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Aaron D. Wolf is Chronicles' managing editor. His writings have appeared in numerous magazines and newspapers. He is a frequent guest on Issues, Etc. (Lutheran Public Radio) and The Paul Youngblood Show (nta.fm), and has appeared on several other radio programs, including The Tom Clark Show (Wisconsin Public Radio) and Extension 720 With Milt Rosenberg (WGN).
Chilton Williamson, Jr., was the senior editor for books for Chronicles since 1989, and was appointed as Editor beginning June 1, 2015. He is the author of several books, including Mexico Way, The Education of Hector Villa, The Hundredth Meridian, The Immigration Mystique, and The Conservative Bookshelf. His latest book is After Tocqueville: The Promise and Failure of Democracy (ISI).
William J. Watkins, Jr., is a research fellow at The Independent Institute. He is the author of Judicial Monarchs: Court Power and the Case for Restoring Popular Sovereignty (McFarland & Co.) and Reclaiming the American Revolution: The Kentucky and Virginia Resolutions and Their Legacy.
Derek Turner, editor of The Quarterly Review, is the author of the novel Sea Changes (Radix).
Jack Trotter writes from Charleston, South Carolina.
Srdja Trifkovic, foreign-affairs editor for Chronicles, is the author of several books, including The Sword of the Prophet: Islam—History, Theology, Impact on the World.
Taki Theodoracopulos is a writer living in New York, London, and Gstaad. In addition to his long-running High Life column in The Spectator, Taki writes Under the Black Flag for each number of Chronicles, and publishes Taki’s Magazine, a webzine.
Contributing editor James O. Tate is a professor of English literature at Dowling College on Long Island.
R.J. Stove lives in Melbourne, Australia, and is currently writing a biography of César Franck.
John C. Seiler, Jr., is managing editor of CalWatchDog.com.
Christopher Sandford writes from Seattle. He has written numerous books, including biographies of Kurt Cobain, Steve McQueen, Eric Clapton, Mick Jagger, David Bowie, Paul McCartney, Keith Richards, Bruce Springsteen, and Roman Polanski. Masters of Mystery: The Strange Friendship of Arthur Conan Doyle and Harry Houdini was published by Palgrave Macmillan.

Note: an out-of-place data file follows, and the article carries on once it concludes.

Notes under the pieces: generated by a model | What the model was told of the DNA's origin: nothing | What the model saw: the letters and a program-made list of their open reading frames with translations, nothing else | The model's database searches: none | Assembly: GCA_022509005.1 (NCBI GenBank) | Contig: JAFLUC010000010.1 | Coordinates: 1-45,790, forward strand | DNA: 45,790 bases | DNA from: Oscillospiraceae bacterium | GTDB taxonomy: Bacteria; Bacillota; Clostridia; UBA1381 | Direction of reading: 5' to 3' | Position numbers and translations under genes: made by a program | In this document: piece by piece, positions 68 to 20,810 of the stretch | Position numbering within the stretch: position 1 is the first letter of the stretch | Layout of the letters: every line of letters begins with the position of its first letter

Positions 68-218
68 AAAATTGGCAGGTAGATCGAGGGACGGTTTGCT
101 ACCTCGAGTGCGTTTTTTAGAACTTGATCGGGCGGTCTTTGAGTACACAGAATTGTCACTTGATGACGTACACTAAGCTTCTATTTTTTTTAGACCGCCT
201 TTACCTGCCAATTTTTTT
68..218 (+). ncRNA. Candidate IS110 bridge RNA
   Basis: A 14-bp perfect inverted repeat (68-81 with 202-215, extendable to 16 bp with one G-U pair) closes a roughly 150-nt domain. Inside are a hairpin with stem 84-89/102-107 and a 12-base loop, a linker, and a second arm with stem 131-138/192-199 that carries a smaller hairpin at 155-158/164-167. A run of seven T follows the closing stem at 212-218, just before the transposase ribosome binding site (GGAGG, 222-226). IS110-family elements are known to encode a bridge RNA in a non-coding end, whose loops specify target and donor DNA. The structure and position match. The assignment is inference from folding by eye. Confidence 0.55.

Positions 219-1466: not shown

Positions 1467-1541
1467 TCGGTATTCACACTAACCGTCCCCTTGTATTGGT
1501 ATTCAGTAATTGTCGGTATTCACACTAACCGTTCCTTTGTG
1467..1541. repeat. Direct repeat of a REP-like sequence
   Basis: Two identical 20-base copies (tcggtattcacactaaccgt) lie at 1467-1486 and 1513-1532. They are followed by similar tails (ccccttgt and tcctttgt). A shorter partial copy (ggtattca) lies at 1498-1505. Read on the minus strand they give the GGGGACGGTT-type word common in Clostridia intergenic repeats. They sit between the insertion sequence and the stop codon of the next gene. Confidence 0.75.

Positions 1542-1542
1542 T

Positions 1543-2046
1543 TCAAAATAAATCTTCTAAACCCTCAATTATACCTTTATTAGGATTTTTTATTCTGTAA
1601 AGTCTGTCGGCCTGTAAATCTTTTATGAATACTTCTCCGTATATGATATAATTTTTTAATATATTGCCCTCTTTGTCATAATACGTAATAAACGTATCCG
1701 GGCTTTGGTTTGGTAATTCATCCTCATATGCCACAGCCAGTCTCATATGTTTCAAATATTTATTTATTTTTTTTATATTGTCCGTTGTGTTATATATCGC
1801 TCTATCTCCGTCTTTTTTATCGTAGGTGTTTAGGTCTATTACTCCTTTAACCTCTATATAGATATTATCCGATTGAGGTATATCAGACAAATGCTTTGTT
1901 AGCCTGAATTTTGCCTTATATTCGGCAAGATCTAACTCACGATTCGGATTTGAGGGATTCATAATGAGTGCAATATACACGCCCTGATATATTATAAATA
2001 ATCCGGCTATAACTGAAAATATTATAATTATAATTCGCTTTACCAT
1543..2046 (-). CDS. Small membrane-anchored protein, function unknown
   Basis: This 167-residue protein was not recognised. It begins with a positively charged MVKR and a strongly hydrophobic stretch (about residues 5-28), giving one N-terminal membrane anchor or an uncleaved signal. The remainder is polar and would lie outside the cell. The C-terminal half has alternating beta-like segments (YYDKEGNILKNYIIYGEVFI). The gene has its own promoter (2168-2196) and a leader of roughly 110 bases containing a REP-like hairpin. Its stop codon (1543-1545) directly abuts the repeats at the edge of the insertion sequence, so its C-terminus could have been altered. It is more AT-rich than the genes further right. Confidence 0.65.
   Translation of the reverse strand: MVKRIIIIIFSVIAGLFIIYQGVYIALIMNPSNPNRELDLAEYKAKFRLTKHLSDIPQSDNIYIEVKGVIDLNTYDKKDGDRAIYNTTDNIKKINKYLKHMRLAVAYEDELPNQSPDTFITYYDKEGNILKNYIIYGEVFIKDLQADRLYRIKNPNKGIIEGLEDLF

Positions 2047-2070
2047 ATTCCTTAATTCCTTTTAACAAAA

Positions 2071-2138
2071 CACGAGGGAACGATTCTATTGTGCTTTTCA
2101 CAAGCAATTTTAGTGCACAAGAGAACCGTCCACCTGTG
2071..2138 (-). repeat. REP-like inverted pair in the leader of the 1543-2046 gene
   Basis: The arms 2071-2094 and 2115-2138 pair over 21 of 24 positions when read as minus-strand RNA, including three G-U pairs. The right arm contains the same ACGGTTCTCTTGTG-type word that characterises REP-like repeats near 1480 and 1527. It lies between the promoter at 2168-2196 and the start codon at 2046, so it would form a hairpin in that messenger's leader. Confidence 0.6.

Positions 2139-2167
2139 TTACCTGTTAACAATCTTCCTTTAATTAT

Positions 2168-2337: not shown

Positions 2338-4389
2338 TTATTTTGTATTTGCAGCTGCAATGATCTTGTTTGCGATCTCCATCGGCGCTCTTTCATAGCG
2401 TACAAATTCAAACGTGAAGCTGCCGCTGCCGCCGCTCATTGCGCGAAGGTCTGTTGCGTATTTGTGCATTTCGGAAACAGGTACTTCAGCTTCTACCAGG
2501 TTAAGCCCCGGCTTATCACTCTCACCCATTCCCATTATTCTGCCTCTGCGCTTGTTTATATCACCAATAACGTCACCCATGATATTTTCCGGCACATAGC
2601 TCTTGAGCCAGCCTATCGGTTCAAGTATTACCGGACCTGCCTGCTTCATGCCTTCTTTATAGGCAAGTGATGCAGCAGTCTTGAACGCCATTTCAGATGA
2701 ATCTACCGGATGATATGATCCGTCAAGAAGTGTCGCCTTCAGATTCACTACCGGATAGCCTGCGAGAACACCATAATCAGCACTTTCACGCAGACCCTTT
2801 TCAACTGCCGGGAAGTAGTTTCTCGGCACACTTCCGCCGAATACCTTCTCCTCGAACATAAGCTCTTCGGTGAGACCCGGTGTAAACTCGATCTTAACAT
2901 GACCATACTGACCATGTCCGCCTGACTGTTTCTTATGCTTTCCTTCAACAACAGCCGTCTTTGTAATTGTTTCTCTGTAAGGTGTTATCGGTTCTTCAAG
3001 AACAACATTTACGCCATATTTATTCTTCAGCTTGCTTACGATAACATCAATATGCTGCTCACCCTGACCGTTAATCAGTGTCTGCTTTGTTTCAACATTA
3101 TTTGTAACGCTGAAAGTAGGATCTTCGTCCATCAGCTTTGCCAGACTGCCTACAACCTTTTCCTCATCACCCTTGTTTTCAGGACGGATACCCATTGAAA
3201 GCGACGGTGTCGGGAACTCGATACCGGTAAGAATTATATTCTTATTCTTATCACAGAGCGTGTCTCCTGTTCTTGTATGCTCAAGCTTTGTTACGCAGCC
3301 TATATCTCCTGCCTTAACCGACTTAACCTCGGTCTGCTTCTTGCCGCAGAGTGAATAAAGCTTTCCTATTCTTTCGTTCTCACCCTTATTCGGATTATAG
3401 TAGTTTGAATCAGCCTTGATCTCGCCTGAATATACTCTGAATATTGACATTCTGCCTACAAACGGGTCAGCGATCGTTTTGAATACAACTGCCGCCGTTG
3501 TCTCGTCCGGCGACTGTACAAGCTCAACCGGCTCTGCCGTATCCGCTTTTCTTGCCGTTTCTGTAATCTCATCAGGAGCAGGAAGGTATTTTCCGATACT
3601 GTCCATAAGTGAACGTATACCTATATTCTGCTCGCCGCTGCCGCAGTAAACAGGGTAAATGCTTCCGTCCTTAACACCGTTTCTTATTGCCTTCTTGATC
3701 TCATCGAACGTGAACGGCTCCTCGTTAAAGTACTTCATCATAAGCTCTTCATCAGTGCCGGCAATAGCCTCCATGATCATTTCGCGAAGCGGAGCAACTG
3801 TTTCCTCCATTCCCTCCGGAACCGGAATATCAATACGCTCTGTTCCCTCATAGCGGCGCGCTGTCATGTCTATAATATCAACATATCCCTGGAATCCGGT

Jerry D. Salyer writes from Louisville, Kentucky.
Scott P. Richert is the executive editor of Chronicles: A Magazine of American Culture. He holds an M.A. in political theory from the Catholic University of America. He has been published in, among others, The Family in America, This World, and Humanitas. He is the Catholicism Expert for About.com.
Justin Raimondo is editorial director of Antiwar.com. He is the author of Reclaiming the American Right: The Lost Legacy of the Conservative Movement and An Enemy of the State: The Life of Murray N. Rothbard.
Denis Petrov is a Moscow-based journalist.
William Murchison is a corresponding editor of Chronicles and the author of The Cost of Liberty: The Life of John Dickinson (ISI) and Mortal Follies: Episcopalians and the Crisis of Mainline Christianity. William Murchison, syndicated columnist and longtime commentator on religious, cultural, and political affairs, has contributed to many national publications, including the Wall Street Journal, National Review, The Weekly Standard, and First Things.
George McCartney, a professor of English at St. John's College, is film editor for Chronicles. He is the author of Evelyn Waugh and the Modernist Tradition (Transaction).
Thomas Fleming is the former editor of Chronicles: A Magazine of American Culture. He is the author of The Politics of Human Nature, Montenegro: The Divided Land, and The Morality of Everyday Life, named Editors' Choice in philosophy by Booklist in 2005. He is the coauthor of The Conservative Movement and the editor of Immigration and the American Identity. He holds a Ph.D. in classics from the University of North Carolina, Chapel Hill. Before joining the Rockford Institute, he taught classics at the University of Miami of Ohio, served as an advisor to the U.S. Department of Education, and was headmaster at the Archibald Rutledge Academy. He has been published in, among others, The Spectator (London), Independent on Sunday (London), Los Angeles Times, Washington Post, USA Today, Chicago Sun-Times, National Review, Classical Journal, Telos, and Modern Age. He and his wife, Gail, have four children and four grandchildren.
Frank Brownlow is professor emeritus of English at Mount Holyoke College.